Their NPK is about,
4.5-3.5-2.5 or 4-3-2.5 in another brand
Growmore is
7-7-7
FBB is
5-5-6
Special potato is
15-21-24.5

No doubt someone will disagree and say they get wonderful crops using it but not for me!
STOP, and smell the roses!

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Yorkie

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Re: Chicken manure pellets
« Reply #7 on: March 10, 2019, 22:17 »
Whilst they are relatively weak, they have different NPK proportions to the others.

They do best for plants that need higher nitrogen levels.
I try to take one day at a time, but sometimes several days all attack me at once...

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mumofstig

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Re: Chicken manure pellets
« Reply #8 on: March 10, 2019, 22:42 »
I may be wrong, but I've always believed that they add a little bit of natural organic matter to the soil - whereas the other fertilisers just feel like you're adding dust IYKWIM?

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Plot 1 Problems

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Re: Chicken manure pellets
« Reply #9 on: March 10, 2019, 22:56 »
Agreed MOS, plus they're a supplemental fetiliser, they don't need to be high strength, if you're soil is healthy and well cared for the more demanding plants just need a little booster.

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JayG

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Re: Chicken manure pellets
« Reply #10 on: March 11, 2019, 08:27 »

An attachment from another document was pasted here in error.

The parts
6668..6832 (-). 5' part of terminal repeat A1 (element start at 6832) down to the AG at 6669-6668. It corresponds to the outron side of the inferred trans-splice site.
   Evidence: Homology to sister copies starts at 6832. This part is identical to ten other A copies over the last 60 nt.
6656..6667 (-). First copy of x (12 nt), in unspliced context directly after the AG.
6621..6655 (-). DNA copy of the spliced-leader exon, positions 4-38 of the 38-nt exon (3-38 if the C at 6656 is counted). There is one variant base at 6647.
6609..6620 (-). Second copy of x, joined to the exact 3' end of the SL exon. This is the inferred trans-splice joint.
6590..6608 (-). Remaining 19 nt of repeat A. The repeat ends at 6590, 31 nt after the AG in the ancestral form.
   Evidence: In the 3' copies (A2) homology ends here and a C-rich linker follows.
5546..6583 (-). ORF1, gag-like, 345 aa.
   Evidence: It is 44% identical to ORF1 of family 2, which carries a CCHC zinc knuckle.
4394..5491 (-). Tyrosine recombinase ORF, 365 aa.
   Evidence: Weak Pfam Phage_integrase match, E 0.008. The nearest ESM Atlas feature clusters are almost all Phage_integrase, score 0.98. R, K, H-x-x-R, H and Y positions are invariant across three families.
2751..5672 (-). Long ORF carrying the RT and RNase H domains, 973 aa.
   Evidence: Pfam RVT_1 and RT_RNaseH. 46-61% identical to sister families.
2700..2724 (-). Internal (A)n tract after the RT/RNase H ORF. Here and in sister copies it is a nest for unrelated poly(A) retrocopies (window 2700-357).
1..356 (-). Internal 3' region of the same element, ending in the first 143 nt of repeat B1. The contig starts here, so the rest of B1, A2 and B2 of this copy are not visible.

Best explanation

NPK analysis isn't the whole story - most of the nitrogen in dried chicken manure is in the form of organic compounds and is therefore slow release (more than a year before all of it is made available by the action of soil organisms.)
In practice, this means it should be regarded as more of a balanced fertiliser than the figures suggest.

Price-wise, it's currently being sold in Wilco for 5 for 7 kg, which I would think is cheap compared to most high street/GC prices for Growmore.
Against that is its lower overall NPK content, in favour (for some) is that it's a natural, sustainable product.

As for what works best for which crops, most of us can only try to guess what nutrients our soil may or may not be lacking and therefore whether a specialist fertiliser is or isn't required.

Each to their own - I mainly use dried chicken manure and some Growmore, and also a liquid feed if I think a quick fix is needed for leafy crops (most general purpose liquid feeds are high in nitrogen.)

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Hampshire Hog

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Re: Chicken manure pellets
« Reply #11 on: March 14, 2019, 10:16 »
I tend to buy chicken manure pellets when they are on special offer and then add a handful or or two to each bed as I clear them ready for a new crop. Also add them to a bed if I think the veg need a bit of a boost. Mind you I am also using horse manure from the local stables hopefully reasonably well rotted. With certain exceptions such as herbs I dont think I am likely to over feed the soil. The wet weather obviously tends to wash out nutrients from beds so I doubt I can do much harm adding as much organic matter as I can lay my hands on.
Cheers HH
Keep digging